You do have to say this for South Carolina Sen. Jim DeMint: he represents the unmediated subconsciousness of contemporary conservatives, coming right out and saying things that others probably just think.
That's certainly true of his rather novel explanation for the decline of Republican fortunes in the northeast, highlighted by the Specter defection. Here's DeMint via CNN's Political Ticker:
Appearing on CNN Tuesday, DeMint, a hero of the conservative grassroots, denied that his party has tilted too far to the right.
"I don't think many Americans are going to agree that the Republican party has become too conservative," he said. "If you look at our record of spending, our record on every issue, the problem I think we have is Americans no longer believe that we believe what we say we do."
DeMint says he isn't worried. He denied that the GOP has become a southern party, attributing Republican losses in the northeast to some northern voters who have left the region and moved south hoping to avoid labor unions and "forced unionization." He said Americans will eventually come back into the Republican fold because of growing alarm about the size of government and President Obama's fiscal policies.
Let's get this straight: southern Republicans haven't conquered the GOP; GOP voters have just moved South, and eventually, those poor union slaves they left behind will wake up and vote Republican as well, so long as the party doesn't do anything right now to directly appeal to their current benighted views.
DeMint is carrying dialectical reasoning to levels that would have impressed Karl Marx. Losing is winning, and winning means making no conscious effort to win.
Aside from that interesting perspective, which applauds the shrinkage of the GOP as necessary to its ultimate victory, DeMint's geographical analysis of partisan fortunes is a fascinating variation on the ancient conservative conviction that economic growth depends on a "business climate" with no unions, low wages, low taxes on high earners and capital, and little or no regulation. According not only to DeMint but to most Republicans and (unfortunately) a fair number of Democrats in the South, keeping the Union Devil down or even out has attracted untold numbers of jobs and highly productive people from the socialist northeast and midwest.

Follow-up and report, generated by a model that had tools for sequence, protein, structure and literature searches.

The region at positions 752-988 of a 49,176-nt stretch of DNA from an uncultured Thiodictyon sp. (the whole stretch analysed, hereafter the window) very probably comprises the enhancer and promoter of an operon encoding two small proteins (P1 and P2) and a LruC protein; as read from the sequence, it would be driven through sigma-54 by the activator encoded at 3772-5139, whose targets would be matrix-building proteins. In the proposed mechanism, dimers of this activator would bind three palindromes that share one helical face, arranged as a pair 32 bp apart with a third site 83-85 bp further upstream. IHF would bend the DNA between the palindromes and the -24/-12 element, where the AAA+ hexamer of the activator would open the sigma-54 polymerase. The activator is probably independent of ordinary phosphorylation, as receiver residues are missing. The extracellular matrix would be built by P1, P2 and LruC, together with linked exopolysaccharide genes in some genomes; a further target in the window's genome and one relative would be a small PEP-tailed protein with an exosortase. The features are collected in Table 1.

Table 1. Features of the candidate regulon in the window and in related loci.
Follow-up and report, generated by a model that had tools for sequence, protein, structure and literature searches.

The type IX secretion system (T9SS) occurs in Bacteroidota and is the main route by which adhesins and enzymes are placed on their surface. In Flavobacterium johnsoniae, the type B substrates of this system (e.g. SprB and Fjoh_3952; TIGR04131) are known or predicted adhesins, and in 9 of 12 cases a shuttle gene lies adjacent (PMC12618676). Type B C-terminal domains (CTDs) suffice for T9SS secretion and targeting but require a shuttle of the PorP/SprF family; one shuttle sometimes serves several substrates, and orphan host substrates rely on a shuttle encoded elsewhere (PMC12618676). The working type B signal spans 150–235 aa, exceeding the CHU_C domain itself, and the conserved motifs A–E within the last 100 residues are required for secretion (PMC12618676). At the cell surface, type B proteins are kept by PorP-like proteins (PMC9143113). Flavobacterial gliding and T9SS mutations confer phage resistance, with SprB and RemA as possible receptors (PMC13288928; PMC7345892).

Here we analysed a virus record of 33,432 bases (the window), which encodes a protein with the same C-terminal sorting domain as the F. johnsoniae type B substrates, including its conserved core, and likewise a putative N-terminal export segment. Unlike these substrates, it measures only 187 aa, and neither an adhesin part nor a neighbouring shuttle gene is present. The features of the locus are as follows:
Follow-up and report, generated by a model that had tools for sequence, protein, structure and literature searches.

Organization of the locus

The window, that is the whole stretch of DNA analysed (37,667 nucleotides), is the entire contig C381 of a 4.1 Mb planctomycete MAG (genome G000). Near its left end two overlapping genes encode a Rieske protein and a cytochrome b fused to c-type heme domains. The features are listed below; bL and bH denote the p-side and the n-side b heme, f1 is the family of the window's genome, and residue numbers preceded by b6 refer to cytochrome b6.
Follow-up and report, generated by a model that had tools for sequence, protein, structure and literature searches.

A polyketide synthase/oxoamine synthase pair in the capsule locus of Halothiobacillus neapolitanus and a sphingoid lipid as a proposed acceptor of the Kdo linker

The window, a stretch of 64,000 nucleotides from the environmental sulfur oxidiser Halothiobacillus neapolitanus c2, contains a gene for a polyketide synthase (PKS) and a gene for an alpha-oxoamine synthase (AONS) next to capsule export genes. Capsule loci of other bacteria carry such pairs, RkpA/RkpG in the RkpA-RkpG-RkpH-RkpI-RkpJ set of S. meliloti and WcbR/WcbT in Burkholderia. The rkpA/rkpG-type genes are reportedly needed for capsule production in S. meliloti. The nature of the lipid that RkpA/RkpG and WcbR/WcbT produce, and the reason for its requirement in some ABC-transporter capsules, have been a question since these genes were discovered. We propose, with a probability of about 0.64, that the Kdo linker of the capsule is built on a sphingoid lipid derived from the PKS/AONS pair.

If that hoary moonlight-and-magnolias theory of economic development were true, of course, then Mississippi would be the economic dynamo of the whole world, and DeMint's own South Carolina wouldn't be perpetually trailing most of the country in key economic and social indicators. (Despite its Eden-like business climate, SC's unemployment rate according to the latest statistics is third worst in the nation, at 11.4%, rather notably higher than that of union-bossed and Democratic-governed PA at 7.8%).
But turning to the political side of DeMint's argument, it's highly reminiscent of the 1990s theory (dubbed the "Valhalla Syndrome" by California-based urbanologist Joel Kotkin) that prosperous white folks fleeing California's crime, taxes and people of color were turning the Rocky Mountain States bright red even as California itself turned blue. Turns out the second half of that trajectory has panned out as predicted, but not the first, as major Democratic gains in the Rockies became one of the huge political stories of recent years.
So recent history doesn't exactly reinforce DeMint's theory that people in the northeast, somehow prevented from escaping the economic prisons of their anti-business homelands, and looking south with yearning eyes, will at some point start voting Republican, hoping to turn desperately poor states like Maryland, New Jersey and Connecticut (ranked first, second and third in median household income) into mirror images of South Carolina (ranked 41st) or Mississippi (ranked 50th).
People do undoubtedly move or stay south for all sorts of reasons, ranging from climate and recreational opportunities to the culture, food, and sociability of the population. But for good government by the likes of DeMint or his colleague SC Gov. Mark "Herbert Hoover" Sanford? Probably not so much.
This item was originally published at The Democratic Strategist
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